Bladensburg, 5pm, Wednesday, August 24, 1814
British General Ross decided rest was imperative. Details buried some of the dead and collected stragglers, and Barney’s captured artillery was destroyed. The British suffered greater casualties than the Americans, a measure of their costly charges in the face of artillery fire. Officially, the British reported 64 dead, 138 wounded, and another 107 captured or missing, but the numbers were likely higher. The Americans, by and large, had retreated too quickly to die, suffering at most 40 dead, up to 60 wounded, and 120 captured by WInder’s estimate. The marines accounted for roughly a quarter of the American total, a grim reflection of their brave stand with the flotillamen, who also suffered heavily.
As the British rested, Ross and Cockburn conferred. Despite the exhaustion, there was little sense in giving the American time to regroup. Ross chose the 3rd Brigade, which had seen little combat, to lead the way into Washington; the brigade included the Colonial Marines, the escaped slaves would have the honor of entering the capital as conquerors.
Moving at a fast clip as the daylight waned, the British victors soon reached the outskirts of the capital. No resistance was met. Ross wanted no looting and would enter Washington with only 200 Fusiliers, along with Cockburn and a naval party. A pale moon rose as the troops moved down Maryland Avenue toward the capitol. Ross was not interested in negotiating a deal; instead, he wanted to deliver a message: The public buildings of Washington would burn, but private property would be left alone.
At 8:30pm, Wednesday, August 24, the Washington Navy Yard was set fire by the American commandant, Captain Tingey. By 9pm, British troops with rockets took position in a field on the east side of the Capitol as the burning began. That night a terrible rainstorm, possibly a tornado or hurricane, came through the city dousing the fires. The next morning, the Light Brigade marched into town to rekindle old fires and ignite new ones. The men were accompanied by a contingent of thirty African American Colonial Marines carrying rockets and powder. Soon the Treasury was burning again, and by 8 am on Thursday, August 25, the brick building housing the War, Navy, and State departments went up in flames, fueled by voluminous government records. That evening, the British set an 8pm curfew to keep residents inside their homes. Shortly after sunset, just twenty-four hours after capturing Washington, the British abandoned the American capital. The troops marched in good order to Bladensburg in ninety minutes, halting to load the wounded and distribute provisions. The moon had risen by the time they reached the village, and the pale light revealed the grim sight of corpses strewn about the battlefield. Although the British rear guard, aided by field slaves from the nearby Riversale plantation, had already buried more than a hundred bodies, many more remained, grotesquely transformed by the terrible heat and violent rain.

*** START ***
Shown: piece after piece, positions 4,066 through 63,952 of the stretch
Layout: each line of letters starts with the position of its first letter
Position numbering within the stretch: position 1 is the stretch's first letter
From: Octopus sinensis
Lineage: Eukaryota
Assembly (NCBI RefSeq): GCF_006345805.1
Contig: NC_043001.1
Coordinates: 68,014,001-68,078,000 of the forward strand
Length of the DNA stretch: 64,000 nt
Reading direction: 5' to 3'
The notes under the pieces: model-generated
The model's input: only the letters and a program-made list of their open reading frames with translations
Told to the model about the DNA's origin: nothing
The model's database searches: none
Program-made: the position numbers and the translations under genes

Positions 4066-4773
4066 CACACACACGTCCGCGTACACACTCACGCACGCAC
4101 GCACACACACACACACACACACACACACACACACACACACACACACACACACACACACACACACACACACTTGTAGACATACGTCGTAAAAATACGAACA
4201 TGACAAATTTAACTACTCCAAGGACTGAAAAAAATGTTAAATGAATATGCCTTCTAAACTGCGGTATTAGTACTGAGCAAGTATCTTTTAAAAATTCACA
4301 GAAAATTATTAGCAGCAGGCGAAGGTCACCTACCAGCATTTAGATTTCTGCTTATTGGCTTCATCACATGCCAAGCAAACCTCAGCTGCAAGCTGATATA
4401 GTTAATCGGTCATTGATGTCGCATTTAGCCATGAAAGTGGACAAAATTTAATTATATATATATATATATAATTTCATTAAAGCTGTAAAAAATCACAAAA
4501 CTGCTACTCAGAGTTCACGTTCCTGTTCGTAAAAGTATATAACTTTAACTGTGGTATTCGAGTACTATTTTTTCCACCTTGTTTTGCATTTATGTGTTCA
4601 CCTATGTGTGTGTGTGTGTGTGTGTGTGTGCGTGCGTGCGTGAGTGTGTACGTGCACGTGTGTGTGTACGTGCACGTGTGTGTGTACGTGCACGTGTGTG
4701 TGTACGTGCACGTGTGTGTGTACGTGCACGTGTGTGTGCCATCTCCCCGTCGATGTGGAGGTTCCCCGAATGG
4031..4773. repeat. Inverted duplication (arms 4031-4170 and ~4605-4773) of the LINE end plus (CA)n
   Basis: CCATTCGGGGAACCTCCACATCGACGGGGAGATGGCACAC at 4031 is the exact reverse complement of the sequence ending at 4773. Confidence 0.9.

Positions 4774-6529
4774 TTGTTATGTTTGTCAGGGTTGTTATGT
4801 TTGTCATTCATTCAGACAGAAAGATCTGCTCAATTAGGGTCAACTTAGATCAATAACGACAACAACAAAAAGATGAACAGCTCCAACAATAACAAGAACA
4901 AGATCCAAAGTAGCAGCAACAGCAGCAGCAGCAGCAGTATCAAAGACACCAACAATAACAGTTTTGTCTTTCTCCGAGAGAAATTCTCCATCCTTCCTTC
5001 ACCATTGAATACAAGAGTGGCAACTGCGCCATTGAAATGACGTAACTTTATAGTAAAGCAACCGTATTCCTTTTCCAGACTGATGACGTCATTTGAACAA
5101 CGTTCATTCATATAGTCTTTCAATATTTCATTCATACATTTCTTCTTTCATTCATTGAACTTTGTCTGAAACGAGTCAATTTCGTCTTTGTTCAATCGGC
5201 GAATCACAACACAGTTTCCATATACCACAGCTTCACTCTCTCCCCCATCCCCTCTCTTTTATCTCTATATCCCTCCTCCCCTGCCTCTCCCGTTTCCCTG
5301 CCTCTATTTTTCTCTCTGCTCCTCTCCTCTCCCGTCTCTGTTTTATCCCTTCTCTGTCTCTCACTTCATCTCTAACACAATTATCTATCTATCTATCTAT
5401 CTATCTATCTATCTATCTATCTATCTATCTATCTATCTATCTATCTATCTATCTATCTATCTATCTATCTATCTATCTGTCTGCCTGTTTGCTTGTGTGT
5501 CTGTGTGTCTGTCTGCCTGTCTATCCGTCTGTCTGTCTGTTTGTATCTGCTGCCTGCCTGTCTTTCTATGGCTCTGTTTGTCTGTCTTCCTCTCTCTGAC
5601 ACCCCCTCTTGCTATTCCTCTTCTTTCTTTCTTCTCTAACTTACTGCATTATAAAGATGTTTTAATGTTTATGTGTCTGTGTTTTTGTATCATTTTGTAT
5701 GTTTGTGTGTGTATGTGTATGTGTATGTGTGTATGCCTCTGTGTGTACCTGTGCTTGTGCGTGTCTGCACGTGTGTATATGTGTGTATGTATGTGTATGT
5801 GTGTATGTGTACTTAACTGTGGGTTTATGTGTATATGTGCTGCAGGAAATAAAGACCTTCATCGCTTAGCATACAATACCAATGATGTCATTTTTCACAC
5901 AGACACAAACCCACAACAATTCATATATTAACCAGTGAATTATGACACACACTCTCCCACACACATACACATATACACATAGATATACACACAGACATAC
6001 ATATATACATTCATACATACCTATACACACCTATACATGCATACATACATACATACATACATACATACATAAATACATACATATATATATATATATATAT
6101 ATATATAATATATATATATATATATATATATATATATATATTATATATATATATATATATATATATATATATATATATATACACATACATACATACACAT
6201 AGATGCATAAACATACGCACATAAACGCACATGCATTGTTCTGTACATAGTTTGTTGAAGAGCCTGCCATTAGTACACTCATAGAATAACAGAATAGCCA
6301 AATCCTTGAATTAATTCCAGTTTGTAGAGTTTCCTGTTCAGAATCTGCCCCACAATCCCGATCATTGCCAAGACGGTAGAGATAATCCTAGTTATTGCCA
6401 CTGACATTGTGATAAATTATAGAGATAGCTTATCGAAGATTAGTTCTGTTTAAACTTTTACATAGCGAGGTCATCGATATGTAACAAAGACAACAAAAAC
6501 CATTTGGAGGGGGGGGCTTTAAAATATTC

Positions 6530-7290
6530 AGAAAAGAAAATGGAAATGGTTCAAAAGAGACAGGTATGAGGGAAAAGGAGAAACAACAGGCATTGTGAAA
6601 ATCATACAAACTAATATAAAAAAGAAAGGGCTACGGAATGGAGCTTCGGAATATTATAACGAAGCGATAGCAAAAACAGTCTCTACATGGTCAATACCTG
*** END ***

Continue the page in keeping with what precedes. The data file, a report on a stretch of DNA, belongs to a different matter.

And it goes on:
At midnight, bugles sounded and the British again took up the march. Beyond town, the road worsened, covered with trees blown down in the storm. Exhausted men struggled to keep up and fell off by the dozens. The sun had been up for several hours on August 26 when Ross finally halted around 8am. The men collapsed under trees, on roadsides, or anywhere they could find, and were asleep in an instant.
Excerpted from “Through the Perilous Fight,” by Steve Vogel, published in 2013 by Random House.